Nature’s Swiftness, which was a Talent in the level 30 tier in previous patches, has become baseline for Restoration Druids (and Balance Druids) in patch 5.4. This Talent is still best used with Regrowth, as it increases the healing dealt by both the direct heal and the HoT portions and lengthens the HoT.
Tree of Life still exists in the Incarnation Talent, accessible at level 60. The model remains the “skeevy broccoli” of Cataclysm, and can no longer be glyphed to resemble the Treant. Unfortunately, Tree of Life no longer empowers Wrath casts, perhaps to give the talent less synergy with Nature’s Vigil in the level 90 tier.
Finally, all Restoration Druids receive Living Seed, Malfurion’s Gift, and Swift Rejuvenation upon choosing their spec. These used to be “optional” talents in the Restoration tree in Cataclysm, although the only truly optional talent amongst them was Living Seed. Living Seed can now stack to a value equal to up to 50% of the casting Druid’s health, and is more responsive to incoming damage, making it more useful on non-tank members of the raid. It will also not proc when the target is on full health (e.g. if they are struck by an ability but its damage was fully absorbed by shields). Druids should see an increase in their Living Seed throughput thanks to these changes.
Rebirth will now return targets to life with 60% health and 20% mana, up from 20% health and 20% mana. This is a significant improvement in that the Glyph of Rebirth is no longer mandatory, and since Restoration Druids actually have a wealth of excellent Glyphs to choose from, this will allow us much greater flexibility in glyphing our characters. While there still may be some encounters where a full-health resurrection is required, in most situations a 60% health resurrection will suffice if the resurrected player is careful about popping back up at a safe time.
Many of our remaining utility spells with shapeshifting requirements have been redesigned to be usable from any form, but to shift you into the appropriate form when used. You may now Growl, Dash, Prowl, and Stampeding Roar all from your caster form, without having to fumble for your shapeshifting keybind and then find the ability you want to cast on your replacement action bar. This will make it a lot less painful to use our utility tools during combat.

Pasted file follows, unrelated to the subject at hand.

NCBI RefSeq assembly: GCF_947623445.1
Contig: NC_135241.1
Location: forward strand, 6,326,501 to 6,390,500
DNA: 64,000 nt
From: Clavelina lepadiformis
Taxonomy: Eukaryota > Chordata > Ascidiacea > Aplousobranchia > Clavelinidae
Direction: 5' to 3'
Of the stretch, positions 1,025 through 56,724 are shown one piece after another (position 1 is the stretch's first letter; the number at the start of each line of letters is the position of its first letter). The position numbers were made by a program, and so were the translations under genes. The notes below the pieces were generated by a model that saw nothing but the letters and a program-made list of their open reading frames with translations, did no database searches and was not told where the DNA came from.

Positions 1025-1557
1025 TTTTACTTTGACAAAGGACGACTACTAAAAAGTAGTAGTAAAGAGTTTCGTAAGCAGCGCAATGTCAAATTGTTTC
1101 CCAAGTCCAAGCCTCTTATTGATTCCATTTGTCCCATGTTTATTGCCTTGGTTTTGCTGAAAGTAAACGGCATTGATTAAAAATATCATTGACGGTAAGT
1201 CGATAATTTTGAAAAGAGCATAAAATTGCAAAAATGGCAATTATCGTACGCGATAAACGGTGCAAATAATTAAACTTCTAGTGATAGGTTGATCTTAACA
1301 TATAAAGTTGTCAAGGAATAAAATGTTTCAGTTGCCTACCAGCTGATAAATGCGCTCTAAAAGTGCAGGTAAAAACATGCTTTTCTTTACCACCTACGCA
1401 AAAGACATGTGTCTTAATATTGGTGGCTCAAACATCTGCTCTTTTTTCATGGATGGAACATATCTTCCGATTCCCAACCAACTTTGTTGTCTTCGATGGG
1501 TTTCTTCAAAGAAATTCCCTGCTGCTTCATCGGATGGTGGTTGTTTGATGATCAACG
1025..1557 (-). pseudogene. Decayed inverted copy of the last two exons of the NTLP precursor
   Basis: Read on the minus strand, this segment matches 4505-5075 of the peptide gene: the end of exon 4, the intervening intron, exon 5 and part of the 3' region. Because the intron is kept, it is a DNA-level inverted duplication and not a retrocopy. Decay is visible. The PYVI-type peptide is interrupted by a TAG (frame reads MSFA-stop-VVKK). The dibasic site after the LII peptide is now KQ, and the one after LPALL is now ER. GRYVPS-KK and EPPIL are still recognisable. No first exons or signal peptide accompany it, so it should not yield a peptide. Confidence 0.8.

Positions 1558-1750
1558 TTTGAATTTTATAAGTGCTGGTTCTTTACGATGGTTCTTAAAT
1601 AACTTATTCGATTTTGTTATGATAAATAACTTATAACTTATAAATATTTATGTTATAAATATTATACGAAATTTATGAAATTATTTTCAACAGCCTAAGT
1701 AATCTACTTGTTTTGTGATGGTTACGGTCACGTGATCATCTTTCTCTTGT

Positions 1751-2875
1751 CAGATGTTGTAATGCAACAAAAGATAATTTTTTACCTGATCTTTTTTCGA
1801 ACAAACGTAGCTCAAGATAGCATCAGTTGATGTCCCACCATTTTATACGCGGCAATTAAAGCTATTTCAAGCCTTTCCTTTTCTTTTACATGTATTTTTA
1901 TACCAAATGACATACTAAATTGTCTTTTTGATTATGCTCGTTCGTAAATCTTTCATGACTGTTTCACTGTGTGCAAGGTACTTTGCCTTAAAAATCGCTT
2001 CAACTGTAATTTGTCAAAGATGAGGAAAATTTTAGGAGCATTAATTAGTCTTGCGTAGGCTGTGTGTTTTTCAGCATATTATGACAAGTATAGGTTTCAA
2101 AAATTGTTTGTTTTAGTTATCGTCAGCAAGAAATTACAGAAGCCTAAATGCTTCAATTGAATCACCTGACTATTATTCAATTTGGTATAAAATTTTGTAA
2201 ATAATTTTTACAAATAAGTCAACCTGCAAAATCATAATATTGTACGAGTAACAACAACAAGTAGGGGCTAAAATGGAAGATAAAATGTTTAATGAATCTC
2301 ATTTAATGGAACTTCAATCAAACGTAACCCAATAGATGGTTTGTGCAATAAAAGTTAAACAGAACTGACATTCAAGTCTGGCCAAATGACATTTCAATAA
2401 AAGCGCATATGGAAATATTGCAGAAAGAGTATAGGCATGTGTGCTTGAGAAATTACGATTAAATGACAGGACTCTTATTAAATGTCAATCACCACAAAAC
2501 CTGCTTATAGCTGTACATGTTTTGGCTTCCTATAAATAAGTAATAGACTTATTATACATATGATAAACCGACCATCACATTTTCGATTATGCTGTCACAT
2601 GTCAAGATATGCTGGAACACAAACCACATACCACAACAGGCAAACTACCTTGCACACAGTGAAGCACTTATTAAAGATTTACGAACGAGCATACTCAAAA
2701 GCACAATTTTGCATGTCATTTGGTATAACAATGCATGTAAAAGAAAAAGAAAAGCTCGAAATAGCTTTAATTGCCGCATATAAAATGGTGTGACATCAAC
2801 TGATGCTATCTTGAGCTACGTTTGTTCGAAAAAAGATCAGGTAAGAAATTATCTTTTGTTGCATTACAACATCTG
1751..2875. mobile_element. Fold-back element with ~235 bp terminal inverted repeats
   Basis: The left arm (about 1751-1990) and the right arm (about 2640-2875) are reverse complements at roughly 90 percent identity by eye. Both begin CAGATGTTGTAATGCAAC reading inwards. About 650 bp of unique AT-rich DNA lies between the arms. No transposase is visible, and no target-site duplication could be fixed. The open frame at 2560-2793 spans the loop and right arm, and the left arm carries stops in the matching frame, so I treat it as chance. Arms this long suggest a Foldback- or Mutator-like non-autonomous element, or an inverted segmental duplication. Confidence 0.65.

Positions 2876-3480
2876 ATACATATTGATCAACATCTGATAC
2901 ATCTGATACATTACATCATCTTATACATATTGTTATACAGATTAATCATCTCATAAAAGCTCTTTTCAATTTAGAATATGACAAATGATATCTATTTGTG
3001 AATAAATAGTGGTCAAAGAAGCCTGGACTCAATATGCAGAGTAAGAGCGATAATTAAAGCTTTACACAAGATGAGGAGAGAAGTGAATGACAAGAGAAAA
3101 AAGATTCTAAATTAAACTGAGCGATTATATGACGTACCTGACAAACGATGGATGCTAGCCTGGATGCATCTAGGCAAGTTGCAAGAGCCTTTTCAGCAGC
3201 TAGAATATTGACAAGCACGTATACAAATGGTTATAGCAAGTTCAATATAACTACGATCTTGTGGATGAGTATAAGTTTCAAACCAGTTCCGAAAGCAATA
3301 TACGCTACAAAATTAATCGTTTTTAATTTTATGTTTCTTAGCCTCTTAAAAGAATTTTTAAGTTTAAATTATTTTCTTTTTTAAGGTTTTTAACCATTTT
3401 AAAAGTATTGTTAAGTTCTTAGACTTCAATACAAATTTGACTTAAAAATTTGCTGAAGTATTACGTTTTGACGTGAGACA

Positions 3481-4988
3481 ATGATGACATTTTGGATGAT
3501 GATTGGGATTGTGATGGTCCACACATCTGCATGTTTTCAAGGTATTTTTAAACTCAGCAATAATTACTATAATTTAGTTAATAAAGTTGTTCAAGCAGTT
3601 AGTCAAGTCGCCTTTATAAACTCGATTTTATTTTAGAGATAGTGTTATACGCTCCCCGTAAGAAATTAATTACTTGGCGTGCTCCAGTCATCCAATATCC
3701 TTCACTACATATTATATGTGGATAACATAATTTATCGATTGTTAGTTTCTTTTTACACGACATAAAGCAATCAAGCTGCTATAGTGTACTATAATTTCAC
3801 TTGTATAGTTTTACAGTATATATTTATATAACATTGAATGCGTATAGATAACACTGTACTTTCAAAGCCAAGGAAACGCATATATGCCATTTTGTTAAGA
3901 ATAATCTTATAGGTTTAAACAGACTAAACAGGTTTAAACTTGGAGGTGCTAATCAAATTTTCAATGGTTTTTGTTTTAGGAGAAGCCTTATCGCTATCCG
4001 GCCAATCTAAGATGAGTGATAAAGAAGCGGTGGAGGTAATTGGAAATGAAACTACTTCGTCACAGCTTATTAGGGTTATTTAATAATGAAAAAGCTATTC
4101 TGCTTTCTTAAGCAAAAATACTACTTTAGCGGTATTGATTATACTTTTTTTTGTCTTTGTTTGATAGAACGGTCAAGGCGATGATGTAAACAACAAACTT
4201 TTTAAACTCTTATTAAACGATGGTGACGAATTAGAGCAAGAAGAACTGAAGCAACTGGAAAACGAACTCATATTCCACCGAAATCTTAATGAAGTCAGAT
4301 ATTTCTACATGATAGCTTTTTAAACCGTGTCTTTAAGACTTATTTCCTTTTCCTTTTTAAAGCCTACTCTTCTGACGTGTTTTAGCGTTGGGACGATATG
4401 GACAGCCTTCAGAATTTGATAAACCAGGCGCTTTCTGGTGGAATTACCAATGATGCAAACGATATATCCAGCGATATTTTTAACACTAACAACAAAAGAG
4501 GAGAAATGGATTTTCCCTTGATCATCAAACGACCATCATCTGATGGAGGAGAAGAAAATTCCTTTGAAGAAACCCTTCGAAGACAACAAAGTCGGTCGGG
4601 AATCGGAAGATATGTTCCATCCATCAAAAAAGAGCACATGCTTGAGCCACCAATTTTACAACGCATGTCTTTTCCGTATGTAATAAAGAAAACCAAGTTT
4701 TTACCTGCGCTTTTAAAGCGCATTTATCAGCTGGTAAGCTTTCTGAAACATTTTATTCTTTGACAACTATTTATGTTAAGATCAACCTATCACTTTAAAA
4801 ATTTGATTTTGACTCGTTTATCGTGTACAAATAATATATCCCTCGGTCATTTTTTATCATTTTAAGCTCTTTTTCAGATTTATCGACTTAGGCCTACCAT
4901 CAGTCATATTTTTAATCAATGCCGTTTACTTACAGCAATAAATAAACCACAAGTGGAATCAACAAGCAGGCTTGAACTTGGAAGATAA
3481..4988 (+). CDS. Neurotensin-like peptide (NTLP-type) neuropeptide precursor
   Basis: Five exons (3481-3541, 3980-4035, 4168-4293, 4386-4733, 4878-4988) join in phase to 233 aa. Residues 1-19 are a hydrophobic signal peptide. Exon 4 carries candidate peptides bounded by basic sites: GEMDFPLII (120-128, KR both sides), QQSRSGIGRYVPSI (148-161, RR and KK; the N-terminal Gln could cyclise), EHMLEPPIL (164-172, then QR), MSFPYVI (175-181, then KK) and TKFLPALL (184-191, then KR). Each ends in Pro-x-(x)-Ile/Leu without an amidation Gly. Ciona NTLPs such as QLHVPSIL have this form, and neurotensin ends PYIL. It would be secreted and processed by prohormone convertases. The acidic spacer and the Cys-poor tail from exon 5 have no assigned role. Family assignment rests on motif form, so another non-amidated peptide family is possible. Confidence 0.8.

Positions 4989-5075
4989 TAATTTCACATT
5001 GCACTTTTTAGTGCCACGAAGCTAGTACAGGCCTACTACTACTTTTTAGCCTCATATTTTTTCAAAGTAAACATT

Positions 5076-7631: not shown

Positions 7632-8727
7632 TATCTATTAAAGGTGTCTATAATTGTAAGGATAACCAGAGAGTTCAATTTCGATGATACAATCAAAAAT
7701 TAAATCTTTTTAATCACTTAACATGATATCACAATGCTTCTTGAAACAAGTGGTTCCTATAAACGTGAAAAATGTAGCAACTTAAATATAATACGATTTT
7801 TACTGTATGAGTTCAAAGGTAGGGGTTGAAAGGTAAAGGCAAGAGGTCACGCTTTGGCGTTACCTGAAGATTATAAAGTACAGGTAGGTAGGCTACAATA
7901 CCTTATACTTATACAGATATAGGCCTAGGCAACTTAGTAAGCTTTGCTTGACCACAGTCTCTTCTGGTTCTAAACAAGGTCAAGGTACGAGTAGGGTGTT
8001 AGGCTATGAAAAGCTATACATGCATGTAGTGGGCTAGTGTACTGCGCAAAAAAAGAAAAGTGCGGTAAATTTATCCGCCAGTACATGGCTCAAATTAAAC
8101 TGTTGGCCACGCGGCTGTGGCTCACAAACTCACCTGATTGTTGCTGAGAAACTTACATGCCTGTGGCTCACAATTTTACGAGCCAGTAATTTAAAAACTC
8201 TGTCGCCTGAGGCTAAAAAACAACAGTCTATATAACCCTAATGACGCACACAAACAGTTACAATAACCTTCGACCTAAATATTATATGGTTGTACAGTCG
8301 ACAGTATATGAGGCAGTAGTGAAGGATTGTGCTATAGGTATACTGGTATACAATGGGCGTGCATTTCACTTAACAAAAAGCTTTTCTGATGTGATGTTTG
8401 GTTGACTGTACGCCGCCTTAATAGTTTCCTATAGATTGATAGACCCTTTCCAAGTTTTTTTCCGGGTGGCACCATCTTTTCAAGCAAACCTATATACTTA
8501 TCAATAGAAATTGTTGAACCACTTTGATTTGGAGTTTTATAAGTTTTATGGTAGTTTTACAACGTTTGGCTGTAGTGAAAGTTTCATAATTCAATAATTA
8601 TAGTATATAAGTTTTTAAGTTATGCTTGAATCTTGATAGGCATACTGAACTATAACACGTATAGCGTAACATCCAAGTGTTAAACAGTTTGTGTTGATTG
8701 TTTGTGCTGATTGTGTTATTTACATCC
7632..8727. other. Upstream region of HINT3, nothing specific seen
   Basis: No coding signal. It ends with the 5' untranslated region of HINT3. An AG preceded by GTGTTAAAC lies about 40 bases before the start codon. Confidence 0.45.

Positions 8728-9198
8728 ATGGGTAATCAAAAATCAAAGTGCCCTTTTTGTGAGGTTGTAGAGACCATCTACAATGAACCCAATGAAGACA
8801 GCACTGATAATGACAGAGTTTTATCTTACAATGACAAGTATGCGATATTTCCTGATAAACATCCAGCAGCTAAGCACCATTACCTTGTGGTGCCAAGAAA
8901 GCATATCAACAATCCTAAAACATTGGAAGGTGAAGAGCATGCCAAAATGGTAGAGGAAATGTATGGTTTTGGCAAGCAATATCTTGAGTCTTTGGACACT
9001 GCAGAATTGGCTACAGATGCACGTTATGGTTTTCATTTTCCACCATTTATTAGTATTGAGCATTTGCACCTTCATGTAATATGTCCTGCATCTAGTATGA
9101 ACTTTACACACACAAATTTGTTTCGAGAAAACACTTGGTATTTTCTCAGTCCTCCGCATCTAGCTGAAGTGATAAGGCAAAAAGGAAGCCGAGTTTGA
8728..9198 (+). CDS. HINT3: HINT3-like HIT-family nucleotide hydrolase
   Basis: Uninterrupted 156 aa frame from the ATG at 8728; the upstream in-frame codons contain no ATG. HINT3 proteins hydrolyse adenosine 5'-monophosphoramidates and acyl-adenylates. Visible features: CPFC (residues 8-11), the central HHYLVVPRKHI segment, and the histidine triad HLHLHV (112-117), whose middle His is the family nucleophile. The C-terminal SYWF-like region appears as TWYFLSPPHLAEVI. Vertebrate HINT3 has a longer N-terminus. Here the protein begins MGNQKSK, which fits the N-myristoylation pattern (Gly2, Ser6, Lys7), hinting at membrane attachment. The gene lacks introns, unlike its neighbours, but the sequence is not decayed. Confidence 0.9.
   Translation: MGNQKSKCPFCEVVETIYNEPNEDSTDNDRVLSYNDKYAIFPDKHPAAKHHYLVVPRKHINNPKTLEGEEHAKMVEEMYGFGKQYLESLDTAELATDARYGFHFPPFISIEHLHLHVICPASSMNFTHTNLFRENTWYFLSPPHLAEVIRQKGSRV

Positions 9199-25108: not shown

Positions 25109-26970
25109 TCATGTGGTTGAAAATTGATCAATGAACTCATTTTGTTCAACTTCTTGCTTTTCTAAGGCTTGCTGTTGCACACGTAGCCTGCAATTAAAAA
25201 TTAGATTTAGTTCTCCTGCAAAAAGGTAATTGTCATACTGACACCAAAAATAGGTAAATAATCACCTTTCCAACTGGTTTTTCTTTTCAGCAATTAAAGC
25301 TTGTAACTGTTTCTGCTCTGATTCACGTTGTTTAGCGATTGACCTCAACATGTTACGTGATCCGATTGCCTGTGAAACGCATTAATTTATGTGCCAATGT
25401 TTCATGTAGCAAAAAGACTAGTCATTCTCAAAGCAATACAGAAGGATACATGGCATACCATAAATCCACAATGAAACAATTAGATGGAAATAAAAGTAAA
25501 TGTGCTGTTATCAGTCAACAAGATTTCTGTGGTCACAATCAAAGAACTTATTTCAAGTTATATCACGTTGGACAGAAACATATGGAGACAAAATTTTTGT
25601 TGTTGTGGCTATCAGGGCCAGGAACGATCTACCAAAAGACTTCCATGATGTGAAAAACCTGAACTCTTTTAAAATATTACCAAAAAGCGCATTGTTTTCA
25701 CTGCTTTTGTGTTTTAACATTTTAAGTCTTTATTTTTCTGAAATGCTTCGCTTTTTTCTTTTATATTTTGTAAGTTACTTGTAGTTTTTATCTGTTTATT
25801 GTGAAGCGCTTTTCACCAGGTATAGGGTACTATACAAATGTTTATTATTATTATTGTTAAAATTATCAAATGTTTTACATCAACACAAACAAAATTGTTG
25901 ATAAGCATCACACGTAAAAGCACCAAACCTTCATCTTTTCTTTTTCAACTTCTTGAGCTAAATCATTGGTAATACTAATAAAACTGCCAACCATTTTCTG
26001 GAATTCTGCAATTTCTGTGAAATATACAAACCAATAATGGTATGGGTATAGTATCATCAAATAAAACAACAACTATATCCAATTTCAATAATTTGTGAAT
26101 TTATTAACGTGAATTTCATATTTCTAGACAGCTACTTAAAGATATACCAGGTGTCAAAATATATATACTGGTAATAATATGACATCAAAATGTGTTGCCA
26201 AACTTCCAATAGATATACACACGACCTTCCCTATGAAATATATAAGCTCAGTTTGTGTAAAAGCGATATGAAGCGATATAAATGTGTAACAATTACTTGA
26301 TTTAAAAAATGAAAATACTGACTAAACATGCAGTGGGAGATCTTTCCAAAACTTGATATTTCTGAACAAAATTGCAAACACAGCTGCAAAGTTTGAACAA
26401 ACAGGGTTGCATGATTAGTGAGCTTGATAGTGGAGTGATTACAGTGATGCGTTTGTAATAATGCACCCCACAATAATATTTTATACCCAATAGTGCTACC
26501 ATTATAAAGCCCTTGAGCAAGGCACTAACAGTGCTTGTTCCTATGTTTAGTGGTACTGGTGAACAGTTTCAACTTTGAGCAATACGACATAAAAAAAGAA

PvP and soloing Resto Druids will be saddened to learn that Nature’s Grasp has been reduced to a single charge. The charge remains for 45 seconds or until used, and the ability retains its 1-minute cooldown. This is a pretty significant nerf to the ability compared to Live, which may have been intended to compensate for the fact that Disentanglement is now baseline for all Druid specs. Unfortunately, since Restoration already had Disentanglement, this represents a net loss for our spec.
Faerie Fire’s Weakened Armor component now lasts only 30 sec, while the Faerie Fire anti-stealth debuff lasts 5 minutes. It is now much less appealing to have your raid’s Resto Druid stack Faerie Fire on the boss in lieu of sunders, since they would have to refresh the buff so frequently.
Specific to our role, Restoration Druids are losing two abilities. We no longer have the passive Gift of Nature that improved all our healing spells by 25%; presumably, all of our healing spells have this 25% bonus baked in, which is made possible by the removal of all but Rejuvenation and Healing Touch from the non-Restoration specs. Additionally, we have lost Revitalize (and by association, Replenishment), as the developers are trying to remove external, potentially unbalanced sources of mana regeneration from the game, to allow us greater flexibility in raid composition.
In the survivability department, we have lost access to two talented abilities from Cataclysm: Perseverence (reduced spell damage) and Nature’s Ward (free self-Rejuvenation when taking damage below 50% health). We are similarly missing Fury of Stormrage, which gave us free Wrath casts with a chance to proc instant Starfires; this makes some sense as we can no longer cast Starfire (see below).
We have also been stripped of a lot of utility or off-role abilities from our various shapeshift forms. The table below lists the abilities that we had access to in Cataclysm, but are missing from our spell books now.
|Abilities No Longer Accessible to Resto:|
|Bear Form||Caster Form||Cat Form|
Feral Faerie Fire
|Gift of Nature
Wild Mushroom: Detonate
Feral Faerie Fire